2700 million years in one outcrop

This was the first outcrop we stopped at on our last field trip:

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Most of the outcrop consists of coarse sandstones, complete with down-cutting channels and cross-bedding, and the occasional conglomerate horizon.

BFU-2.jpg

At the top, there’s a contact with an unconsolidated conglomerate, which (from the red colour) appears to have been fairly pervasively weathered over long periods of exposure. So far, so not-particularly-interesting (although Brian or Kim may beg to differ) – but only until you start to investigate the age of the two different units. The lower sandstone and congolmerate unit can be traced into other areas, where it is sandwiched between lava units which have radiometric dates of about 2.7 billion, or 2700 million, years (they’re part of the Ventersdorp Supergroup). In contrast, minerals formed by weathering reactions at the contact have also been dated, and have an age of only about 15 million years.
So the contact is in fact a massive unconformity: the time between the deposition of the two units in this outcrop is somewhere in the region of 2680 million years, which is a fairly sizeable chunk of geological history. But the really mind- blowing part is exactly how little seems to have happened, geologically, in that missing time. When I think of big uncomformities, I tend to think of something like Hutton’s Uncomformity, found at various places in north-west Scotland:

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(image source)
Here, the older, underlying unit (which is, if I recall correctly, somewhere in the region of 600-700 million years old) has been severely warped during the process of uplift and erosion, before the deposition of flat-lying 400 million year-old sediments on top (which have also been tilted slightly by a later tectonic episode). And this is in a time gap of ‘only’ 300 million years or so! Yet here in central South Africa, in almost an order of magnitude more time, not much has happened at all; the Ventersdorp rocks don’t even seem to have been buried very deeply underneath younger sediments that have then been removed by later erosion, because there’s no real signs of the metamorphic minerals that would have formed at the increased temperature and pressure that would have resulted.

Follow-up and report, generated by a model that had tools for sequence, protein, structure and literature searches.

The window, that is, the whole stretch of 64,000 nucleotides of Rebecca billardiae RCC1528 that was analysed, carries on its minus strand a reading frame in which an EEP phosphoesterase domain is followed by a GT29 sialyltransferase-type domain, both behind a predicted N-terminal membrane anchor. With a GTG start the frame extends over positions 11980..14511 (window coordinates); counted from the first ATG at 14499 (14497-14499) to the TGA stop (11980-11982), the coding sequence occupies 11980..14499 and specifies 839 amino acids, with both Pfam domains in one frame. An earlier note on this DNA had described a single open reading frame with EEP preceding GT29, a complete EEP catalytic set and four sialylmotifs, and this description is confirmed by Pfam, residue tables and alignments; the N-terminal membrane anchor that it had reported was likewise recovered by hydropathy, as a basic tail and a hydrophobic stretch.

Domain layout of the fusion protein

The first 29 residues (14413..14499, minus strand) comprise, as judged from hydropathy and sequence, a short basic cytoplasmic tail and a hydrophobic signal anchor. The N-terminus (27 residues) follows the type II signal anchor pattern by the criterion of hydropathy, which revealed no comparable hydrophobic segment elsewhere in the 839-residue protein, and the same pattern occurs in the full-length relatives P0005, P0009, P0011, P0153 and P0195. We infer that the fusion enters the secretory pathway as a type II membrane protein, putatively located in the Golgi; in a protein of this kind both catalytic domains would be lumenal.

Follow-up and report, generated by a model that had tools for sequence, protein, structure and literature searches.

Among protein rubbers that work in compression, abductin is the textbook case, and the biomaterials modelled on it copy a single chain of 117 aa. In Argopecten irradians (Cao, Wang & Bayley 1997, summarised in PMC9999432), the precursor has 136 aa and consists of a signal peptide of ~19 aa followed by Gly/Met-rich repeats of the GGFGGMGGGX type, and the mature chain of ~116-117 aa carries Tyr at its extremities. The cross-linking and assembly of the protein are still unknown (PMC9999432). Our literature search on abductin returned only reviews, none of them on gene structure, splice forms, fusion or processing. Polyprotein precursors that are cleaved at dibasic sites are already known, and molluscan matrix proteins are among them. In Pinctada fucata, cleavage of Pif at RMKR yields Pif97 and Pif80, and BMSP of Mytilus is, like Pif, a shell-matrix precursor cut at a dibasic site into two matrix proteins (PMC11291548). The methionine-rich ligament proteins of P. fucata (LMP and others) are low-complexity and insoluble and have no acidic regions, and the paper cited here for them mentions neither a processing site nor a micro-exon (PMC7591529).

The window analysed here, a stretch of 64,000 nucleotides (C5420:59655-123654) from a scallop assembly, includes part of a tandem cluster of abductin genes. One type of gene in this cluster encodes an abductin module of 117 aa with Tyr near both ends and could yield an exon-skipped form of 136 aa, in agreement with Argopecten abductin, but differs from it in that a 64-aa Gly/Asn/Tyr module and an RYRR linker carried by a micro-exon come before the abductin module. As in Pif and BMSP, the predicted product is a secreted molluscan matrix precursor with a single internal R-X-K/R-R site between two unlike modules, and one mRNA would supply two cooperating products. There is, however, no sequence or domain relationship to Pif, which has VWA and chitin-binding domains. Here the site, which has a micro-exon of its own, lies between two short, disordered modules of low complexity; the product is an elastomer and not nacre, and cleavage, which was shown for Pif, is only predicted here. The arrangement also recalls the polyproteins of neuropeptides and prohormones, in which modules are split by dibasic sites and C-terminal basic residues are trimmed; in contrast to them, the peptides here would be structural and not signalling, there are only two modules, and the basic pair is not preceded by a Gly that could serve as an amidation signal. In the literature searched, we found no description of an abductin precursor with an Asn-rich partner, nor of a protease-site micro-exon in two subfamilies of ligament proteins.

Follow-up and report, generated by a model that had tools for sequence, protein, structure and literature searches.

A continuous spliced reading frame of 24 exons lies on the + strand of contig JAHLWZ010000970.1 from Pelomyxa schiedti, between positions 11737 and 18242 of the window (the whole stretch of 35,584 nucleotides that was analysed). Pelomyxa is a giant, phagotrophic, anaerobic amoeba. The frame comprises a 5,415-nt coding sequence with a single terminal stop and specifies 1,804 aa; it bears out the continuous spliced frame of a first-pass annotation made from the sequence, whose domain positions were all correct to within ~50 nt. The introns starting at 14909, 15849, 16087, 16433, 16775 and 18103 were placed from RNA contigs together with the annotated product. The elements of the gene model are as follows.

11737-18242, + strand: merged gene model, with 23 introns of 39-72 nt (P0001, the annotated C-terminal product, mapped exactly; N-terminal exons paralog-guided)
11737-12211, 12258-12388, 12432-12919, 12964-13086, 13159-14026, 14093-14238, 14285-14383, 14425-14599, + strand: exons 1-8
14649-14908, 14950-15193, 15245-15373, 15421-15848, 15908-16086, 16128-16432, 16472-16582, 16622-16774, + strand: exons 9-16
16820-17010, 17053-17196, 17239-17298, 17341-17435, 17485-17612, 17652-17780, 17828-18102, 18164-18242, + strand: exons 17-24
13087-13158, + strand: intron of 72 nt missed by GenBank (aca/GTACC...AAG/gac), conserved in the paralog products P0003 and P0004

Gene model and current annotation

So, when your hear geologists talking about ‘stable cratonic interiors’, this is what they mean: very old rocks just sitting there, letting all the geology happen somewhere else. On this particular field trip, this starting outcrop was a useful point of comparison to the numerous belts of much more deformed rocks we passed through on our journey to the west coast, testaments to multiple bouts of continental collision that went unnoticed further inland.

Categories: deep time, fieldwork, geology

Comments (6)

  1. Kim says:

    Wow. Your unconformity beats my Great Unconformity (Cambrian, so 500-million-year-ish, sitting on top of 1700 million year old granite – 1200 million years missing). Though in my case, there’s also a significant bit of crust missing – I don’t know exactly how deep the granite was when it intruded, but mid-crust is probably a reasonable guess, given the texture and the metamorphic grade of other rocks in the area.
    There’s a reason why people go to South Africa to try to understand what the Earth’s surface was like back in the Really Old Days.

  2. Bob O'H says:

    One probably shouldn’t anthropomorphize rocks unduly, but I do like the idea of the older sandstone looking around thinking “Quiet here, isn’t it?”

  3. Lassi Hippel‰inen says:

    Here is Scandinavia we have similar formations, except that we don’t have that 15 My old dirt on the rock. The Ice Age took care of it.

  4. Lockwood says:

    Zowie! The unconformity alone is nearly as old as the oldest rocks I’ve ever seen in the field. The oldest rocks here in Oregon are roughly 1/10th of that; in other words, my entire state could evolve from scratch 10 times over during that span of time. I’m not much of one most of the time for “plain old seds,” (with respectful apologies to the strat and sed types out there) but that’s a pretty special outcrop.
    Not that you’d know by just looking at it.

  5. PaulG says:

    Yeah, I like that one.

  6. Stephen says:

    A little off-topic: I’m off to South Africa with the family next week. We’re doing a fairly standard circuit: Jo’burg – Lydenburg – Kruger – Swaziland – Mkuze – Durban – Royal Natal NP – Jo’burg. We’ll be spending most of the available time on mammals, birds and general interest subjects, but your blog made me wonder if a closer look at some of the rocks might also be rewarding. Are there any geological features you’d recommend as of interest to the layman on that route? (Apart from dear old Bourke’s Luck Potholes.)

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